In today’s workplace, insurance and retirement benefits are expected. Health insurance, dental and vision plans are commonplace as well. But at OMRF, employees and their families can take advantage of a unique employee benefit—a breast cancer risk assessment test.
On Friday, 80 women—OMRF employees and spouses—will take the OncoVue breast cancer risk assessment test. This will be the second installment of testing at OMRF. When OMRF first offered the testing in December, the session filled up in less than a day, necessitating a second session. All told, more than 150 women will be tested as part of OMRF’s initiative.
More than 15 years ago, scientists at OMRF began to look at genetic factors present in women who developed breast cancer. After gathering and analyzing samples from more than 10,000 volunteers, they developed a test that gives a woman reliable assessment of her lifetime risk for breast cancer. That test, OncoVue, is now available in selected clinics nationwide and costs approximately $400.
OMRF employees and their spouses were offered the testing at a significantly reduced cost—a $20 co-pay while OMRF paid the balance of the costs.
“We are offering the testing to our employees for two reasons,” said OMRF President Stephen Prescott, M.D. “First, we wanted to give them an opportunity to take advantage of a technology they helped create, either in the lab or as volunteers. Plus, as part of our wellness initiative, this is just one more way to help our employees and their families take charge of their health.”
Dr. Craig Shimasaki, president of InterGenetics, the Oklahoma company that produces the OncoVue test, said OMRF is setting a precedent that other employer should follow.
“As the first Oklahoma company to offer OncoVue testing as a wellness benefit, OMRF is taking a proactive stance for the health and well-being of its employees,” he said. “And their decision to provide this test is more than a perk. It could literally save lives down the road.”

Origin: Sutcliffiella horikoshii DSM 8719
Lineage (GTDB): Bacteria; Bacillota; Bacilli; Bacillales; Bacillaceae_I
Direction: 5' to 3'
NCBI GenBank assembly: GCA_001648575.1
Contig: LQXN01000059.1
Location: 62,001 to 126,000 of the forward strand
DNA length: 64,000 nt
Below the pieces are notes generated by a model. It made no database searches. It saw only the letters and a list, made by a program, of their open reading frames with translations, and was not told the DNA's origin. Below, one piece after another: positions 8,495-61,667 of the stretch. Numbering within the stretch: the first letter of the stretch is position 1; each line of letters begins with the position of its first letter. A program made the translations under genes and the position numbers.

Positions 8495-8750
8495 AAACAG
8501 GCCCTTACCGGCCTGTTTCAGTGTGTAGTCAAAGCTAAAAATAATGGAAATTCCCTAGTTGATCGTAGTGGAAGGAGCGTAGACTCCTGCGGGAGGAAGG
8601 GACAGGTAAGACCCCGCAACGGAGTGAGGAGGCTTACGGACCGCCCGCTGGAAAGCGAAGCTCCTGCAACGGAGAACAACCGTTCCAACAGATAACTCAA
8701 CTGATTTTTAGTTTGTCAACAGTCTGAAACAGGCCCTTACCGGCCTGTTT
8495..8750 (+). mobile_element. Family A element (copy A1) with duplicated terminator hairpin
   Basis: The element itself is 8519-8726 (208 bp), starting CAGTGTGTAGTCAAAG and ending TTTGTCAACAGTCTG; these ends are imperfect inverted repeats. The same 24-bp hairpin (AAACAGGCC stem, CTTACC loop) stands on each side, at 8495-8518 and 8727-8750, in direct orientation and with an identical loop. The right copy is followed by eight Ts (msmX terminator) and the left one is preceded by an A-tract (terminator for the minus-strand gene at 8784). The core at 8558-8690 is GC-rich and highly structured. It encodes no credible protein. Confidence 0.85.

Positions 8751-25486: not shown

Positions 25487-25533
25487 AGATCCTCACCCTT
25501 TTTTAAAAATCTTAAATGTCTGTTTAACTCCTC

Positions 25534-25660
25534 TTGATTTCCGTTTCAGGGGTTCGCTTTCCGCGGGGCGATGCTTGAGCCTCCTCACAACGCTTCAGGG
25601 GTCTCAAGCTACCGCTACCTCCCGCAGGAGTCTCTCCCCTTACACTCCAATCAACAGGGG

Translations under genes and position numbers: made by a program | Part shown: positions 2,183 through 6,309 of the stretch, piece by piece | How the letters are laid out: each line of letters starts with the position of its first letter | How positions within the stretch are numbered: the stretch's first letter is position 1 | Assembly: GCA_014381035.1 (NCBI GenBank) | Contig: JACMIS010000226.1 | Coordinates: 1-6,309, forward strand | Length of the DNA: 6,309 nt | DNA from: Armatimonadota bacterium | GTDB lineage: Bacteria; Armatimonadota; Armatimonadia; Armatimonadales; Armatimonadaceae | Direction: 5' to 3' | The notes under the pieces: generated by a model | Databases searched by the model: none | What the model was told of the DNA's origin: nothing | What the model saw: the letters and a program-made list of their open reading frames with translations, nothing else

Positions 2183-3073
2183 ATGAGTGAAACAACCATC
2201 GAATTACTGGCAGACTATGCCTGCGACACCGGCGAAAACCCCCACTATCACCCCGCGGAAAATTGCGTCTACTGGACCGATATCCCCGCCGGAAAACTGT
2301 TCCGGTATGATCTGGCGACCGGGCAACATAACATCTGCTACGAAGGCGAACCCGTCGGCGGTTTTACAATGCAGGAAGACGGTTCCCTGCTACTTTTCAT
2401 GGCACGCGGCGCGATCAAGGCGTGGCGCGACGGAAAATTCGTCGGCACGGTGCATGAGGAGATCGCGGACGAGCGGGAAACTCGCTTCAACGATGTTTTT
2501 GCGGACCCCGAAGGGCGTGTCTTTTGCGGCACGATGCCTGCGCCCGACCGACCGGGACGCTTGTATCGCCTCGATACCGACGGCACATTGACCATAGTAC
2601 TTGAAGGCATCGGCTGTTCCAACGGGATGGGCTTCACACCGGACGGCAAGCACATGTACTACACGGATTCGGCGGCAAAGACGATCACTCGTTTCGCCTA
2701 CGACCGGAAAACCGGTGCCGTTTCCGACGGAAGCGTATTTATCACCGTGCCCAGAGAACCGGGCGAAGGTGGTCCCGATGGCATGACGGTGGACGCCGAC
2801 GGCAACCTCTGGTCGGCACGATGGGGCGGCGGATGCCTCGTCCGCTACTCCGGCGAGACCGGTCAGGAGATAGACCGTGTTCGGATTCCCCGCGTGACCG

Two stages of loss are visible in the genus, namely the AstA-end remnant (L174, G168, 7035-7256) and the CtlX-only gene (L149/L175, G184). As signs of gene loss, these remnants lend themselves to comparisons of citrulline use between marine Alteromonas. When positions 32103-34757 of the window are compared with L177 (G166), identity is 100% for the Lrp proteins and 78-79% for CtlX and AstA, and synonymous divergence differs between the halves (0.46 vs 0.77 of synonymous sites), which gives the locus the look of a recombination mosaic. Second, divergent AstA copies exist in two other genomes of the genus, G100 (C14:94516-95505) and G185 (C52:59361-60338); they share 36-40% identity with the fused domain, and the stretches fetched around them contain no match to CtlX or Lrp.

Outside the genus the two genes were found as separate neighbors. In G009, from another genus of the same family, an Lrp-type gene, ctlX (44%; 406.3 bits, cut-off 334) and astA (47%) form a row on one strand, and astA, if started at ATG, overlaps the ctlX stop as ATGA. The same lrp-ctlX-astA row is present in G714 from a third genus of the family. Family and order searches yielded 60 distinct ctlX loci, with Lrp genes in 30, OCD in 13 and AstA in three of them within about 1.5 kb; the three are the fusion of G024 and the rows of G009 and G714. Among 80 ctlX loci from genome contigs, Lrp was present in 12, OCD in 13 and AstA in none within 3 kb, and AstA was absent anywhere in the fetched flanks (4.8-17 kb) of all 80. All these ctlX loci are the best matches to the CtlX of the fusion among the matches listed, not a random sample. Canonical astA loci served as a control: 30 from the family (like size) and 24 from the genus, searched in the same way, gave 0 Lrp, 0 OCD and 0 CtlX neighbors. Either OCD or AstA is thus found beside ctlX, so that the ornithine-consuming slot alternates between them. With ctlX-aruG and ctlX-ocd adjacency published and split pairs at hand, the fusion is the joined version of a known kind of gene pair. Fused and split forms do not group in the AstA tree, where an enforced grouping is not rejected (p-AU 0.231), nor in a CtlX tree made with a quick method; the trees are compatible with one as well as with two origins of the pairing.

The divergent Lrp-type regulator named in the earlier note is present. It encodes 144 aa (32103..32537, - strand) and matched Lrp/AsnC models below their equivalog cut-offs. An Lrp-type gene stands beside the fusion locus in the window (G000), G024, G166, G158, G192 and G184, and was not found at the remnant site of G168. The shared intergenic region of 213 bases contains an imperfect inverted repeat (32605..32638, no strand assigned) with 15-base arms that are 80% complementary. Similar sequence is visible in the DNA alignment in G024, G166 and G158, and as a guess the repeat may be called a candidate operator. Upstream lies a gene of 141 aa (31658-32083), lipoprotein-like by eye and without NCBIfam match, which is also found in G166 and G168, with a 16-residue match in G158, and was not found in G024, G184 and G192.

Melissa Craft, the genetic counselor who will conduct the testing, emphasized that the test does not identify cancer itself. “OncoVue helps a woman predict her risk of developing breast cancer in her lifetime,” she said. “Because 80 percent of breast cancers occur in women with no family history, it’s important for all women to know their personal degree of risk. The statistics tell us which factors a patient has in her genetic makeup, and we can advise her about what precautions to take if her risk is especially high.”
In the past, people often avoided genetic testing for fear of being refused insurance coverage or turned down for employment if testing showed them at high risk of developing a particular disease. But last year, Congress passed the Genetic Information Nondiscrimination Act, which prohibits using genetic information to deny benefits, raise insurance premiums or to make decisions about hiring or firing.
The results will be made available only to those taking the tests—not to OMRF or insurance companies. And those who take the test will have access to genetic counselors, which will be available to help them interpret their test results.
“I hope this test will help me gain information for myself and that I can pass on to my daughters,” said one woman who took the test at the December session.
“I’ve always wanted to take this test because of my family history and for my children’s sake,” said another woman who took the test in December. “But without this opportunity, I never could have afforded to do this. I’m grateful to OMRF for providing me with this chance to look into my future.”
For more information about OncoVue, visit www.oncovuetest.com or call 1-866-662-6883.